Why Is Horniness Coming Out from My Mom’s Feet? June 1, 2008Posted by alwaysjan in Teaching.
Tags: Elementary Science Fair Projects, English Language Learners, Humor, Science Fair, Science Fair Boards, Science Fair Projects, Teaching, Third Grade
NOTE: Desperately seeking information on Science Fair projects? Check out the link at the end of this post. Jan
Science Fair projects were due Monday with NO exceptions, so I was pleased to see my students lined up outside the class on Monday struggling to get get a grip on their oversized and overpriced presentation boards. American students lag behind the rest of the world in science, so this is serious business.
Teachers had already told students that we didn’t want to see the same old tired projects. After all, they’re third graders now. Time to move beyond the exploding vinegar and food coloring volcano or the emaciated plant that proves plants DO need sunlight. I’d provided an entire bin of books on science fair projects to stoke their imaginations, so I was eager to see what my students had come up with.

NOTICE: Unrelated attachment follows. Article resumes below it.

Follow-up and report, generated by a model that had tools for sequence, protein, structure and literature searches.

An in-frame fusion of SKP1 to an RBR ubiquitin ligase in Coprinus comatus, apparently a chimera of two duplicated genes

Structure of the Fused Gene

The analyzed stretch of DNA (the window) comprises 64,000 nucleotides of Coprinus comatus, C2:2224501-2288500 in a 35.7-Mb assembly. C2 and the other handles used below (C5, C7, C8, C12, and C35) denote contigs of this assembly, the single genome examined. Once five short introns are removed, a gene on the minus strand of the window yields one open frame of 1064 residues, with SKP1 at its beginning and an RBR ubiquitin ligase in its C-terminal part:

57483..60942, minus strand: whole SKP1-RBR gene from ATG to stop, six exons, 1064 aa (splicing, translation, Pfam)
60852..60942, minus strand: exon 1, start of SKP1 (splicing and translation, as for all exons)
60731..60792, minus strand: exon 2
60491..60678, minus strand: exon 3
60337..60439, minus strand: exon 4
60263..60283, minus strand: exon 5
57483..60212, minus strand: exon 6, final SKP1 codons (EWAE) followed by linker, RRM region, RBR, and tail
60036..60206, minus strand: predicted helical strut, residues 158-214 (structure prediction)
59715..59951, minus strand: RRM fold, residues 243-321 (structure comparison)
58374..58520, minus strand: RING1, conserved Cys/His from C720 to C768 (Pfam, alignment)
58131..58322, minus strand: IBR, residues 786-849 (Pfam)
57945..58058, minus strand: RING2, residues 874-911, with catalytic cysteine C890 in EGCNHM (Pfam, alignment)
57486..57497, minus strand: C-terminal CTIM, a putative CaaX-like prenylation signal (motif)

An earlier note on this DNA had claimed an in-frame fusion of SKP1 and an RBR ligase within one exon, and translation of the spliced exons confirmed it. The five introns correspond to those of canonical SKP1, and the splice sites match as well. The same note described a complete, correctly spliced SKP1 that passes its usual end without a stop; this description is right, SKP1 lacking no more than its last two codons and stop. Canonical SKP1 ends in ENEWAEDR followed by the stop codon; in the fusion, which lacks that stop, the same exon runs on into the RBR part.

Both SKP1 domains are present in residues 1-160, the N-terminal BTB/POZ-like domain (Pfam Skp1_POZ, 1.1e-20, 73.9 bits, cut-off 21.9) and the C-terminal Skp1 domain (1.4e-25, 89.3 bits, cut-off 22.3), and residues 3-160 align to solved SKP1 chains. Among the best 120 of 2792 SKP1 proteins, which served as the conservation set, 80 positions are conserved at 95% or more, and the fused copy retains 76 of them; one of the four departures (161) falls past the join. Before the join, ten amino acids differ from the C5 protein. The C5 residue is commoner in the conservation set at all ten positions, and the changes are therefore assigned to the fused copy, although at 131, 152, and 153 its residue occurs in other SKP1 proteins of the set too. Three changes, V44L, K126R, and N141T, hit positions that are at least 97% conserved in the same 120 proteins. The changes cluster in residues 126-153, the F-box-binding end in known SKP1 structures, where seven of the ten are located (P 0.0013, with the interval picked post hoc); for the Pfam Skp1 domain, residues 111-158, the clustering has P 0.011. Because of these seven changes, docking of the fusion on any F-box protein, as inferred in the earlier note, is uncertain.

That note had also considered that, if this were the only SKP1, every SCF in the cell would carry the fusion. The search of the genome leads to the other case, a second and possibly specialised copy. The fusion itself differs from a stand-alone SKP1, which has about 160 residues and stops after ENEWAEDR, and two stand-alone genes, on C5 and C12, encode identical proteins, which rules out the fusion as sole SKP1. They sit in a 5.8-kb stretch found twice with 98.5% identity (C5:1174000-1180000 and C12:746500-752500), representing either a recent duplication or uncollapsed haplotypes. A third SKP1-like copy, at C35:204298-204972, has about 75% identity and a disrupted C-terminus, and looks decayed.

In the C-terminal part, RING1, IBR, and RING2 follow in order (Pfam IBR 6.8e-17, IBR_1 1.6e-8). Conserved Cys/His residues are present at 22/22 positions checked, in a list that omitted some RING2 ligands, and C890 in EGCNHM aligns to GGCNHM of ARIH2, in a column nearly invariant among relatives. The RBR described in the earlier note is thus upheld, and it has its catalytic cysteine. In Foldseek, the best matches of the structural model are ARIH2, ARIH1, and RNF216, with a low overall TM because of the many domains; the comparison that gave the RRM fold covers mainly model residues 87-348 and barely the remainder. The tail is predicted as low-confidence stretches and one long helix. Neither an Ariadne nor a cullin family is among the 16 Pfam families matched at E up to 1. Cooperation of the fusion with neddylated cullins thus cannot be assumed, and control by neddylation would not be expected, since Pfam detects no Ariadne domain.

I have a cluster of English Language Learners in my classroom, five whose first language is Korean, and five who are native Spanish speakers. Some of my students hear no English once they leave school. Their parents have to ask friends or neighbors to help with translation. My Spanish is muy limitado. My Korean is kim chi.
My job was to sit in a chair at the back of the classroom and listen to each student’s presentation and ask questions. Some students are eager to get up and share. They’re the ones who excelled in show-and-tell in first grade. The shy students tend to stand behind their board, using it as a defacto human shield, and mumble inaudibly. Sometimes it’s all I can do to coax them to show their face.
The presentations began. “How are Crystals Formed?” One boy’s were home grown, the other’s from a kit. The ones from the kit hadn’t formed and the end product looked like an irradiated mashed egg yoke. The student had written under the heading “Results” that he’d followed the directions AND had witnesses to prove it. “Can A Needle Float on Water?” “Where Does a Carrot Store Its Food?” I can’t remember the purpose of one experiment, but it had great photos showing how far you can shoot a liter of soda using a Mentos mint. I made a mental note to buy a pack of Mentos and give this a try.